For more than a century, the world’s oceans have been becoming steadily more acidic as they soak up ever-increasing amounts of carbon dioxide from the atmosphere, and the impacts can be fatal for invertebrates such as shellfish, plankton, and corals that rely on dissolved minerals to build their shells and exoskeletons.
For at least some fish, though, the story may be more complicated.
Using precise CT scans of skate skeletons, Valentina Di Santo, a postdoctoral fellow in the lab of Evolutionary Biology Professor George Lauder, was able to show that, while ocean acidification has had led to a drop in the mineralization of some parts of the skeletons, it has had the opposite effect in other areas. The first-of-its-kind study suggests that continued ocean warming and acidification could impact everything from how fish move to how they eat. The findings are described in a Jan. 9 paper published in the Proceedings of the Royal Society B.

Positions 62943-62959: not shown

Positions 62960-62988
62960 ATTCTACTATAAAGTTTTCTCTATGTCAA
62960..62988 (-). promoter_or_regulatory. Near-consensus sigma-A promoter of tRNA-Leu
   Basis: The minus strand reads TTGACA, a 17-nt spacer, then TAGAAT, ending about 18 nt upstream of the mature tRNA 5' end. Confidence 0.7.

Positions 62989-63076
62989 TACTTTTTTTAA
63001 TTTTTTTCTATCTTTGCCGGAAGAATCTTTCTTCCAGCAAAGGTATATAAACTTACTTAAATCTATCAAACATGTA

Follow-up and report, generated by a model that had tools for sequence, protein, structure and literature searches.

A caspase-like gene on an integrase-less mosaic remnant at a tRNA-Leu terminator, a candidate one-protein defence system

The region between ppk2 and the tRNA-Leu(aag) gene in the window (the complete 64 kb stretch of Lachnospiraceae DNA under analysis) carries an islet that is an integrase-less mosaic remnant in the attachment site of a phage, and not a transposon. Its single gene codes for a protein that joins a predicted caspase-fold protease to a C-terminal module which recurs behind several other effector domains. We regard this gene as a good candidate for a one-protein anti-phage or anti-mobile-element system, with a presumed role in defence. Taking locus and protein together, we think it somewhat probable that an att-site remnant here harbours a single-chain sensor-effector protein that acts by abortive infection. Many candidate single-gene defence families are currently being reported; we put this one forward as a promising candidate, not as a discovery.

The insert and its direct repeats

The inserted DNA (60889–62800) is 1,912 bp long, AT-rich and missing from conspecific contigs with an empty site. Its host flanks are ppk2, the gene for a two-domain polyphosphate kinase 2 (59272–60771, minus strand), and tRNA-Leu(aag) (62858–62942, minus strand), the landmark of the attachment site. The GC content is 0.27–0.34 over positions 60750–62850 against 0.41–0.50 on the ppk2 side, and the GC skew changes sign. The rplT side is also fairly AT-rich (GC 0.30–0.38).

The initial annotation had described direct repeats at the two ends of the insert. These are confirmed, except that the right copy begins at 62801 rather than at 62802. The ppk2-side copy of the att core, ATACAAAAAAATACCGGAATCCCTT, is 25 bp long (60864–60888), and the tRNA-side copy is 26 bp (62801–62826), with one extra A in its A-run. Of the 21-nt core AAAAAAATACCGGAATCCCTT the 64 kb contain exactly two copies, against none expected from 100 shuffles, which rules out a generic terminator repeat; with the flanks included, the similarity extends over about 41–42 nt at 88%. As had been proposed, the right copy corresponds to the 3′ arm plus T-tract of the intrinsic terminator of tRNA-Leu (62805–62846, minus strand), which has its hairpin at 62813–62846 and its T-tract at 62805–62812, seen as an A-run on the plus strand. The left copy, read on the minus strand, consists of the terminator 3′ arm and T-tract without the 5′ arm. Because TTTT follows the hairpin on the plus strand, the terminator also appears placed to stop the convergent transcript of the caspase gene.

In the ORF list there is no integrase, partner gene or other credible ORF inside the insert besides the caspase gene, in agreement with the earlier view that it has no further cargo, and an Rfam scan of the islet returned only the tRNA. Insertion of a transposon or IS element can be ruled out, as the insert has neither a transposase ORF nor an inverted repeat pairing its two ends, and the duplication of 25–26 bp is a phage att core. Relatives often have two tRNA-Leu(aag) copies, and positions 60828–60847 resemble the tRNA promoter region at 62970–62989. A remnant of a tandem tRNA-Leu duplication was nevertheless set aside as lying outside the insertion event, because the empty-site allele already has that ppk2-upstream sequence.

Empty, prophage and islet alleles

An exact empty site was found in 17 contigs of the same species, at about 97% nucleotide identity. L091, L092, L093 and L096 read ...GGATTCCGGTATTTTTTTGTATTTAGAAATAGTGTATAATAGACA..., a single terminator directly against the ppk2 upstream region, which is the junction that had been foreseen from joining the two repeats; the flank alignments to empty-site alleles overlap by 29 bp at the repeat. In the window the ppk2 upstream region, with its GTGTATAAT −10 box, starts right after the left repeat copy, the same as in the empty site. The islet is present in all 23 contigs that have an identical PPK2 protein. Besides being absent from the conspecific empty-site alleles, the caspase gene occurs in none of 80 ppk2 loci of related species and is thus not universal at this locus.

“This result was very surprising,” Di Santo said. “Until now, most research had been focused on the mineralization of the exoskeletons of invertebrates, because we know they experience very dramatic impacts from acidification, but nobody had looked at what happens to vertebrates.”
One reason for the lack of such studies, she said, is simply physiological: Unlike shellfish or coral, fish have internal skeletons.
“For the most part, people thought fish would be pretty resilient,” she said. “Certainly acidification stresses them — their metabolic rates go up and studies have shown behavior changes — but they have managed to adjust. But the more we investigate, the more we see that there are strong negative effects, even in the skeleton.”
Though she ended up finding it, Di Santo wasn’t searching for evidence of how acidification was impacting fish skeletons.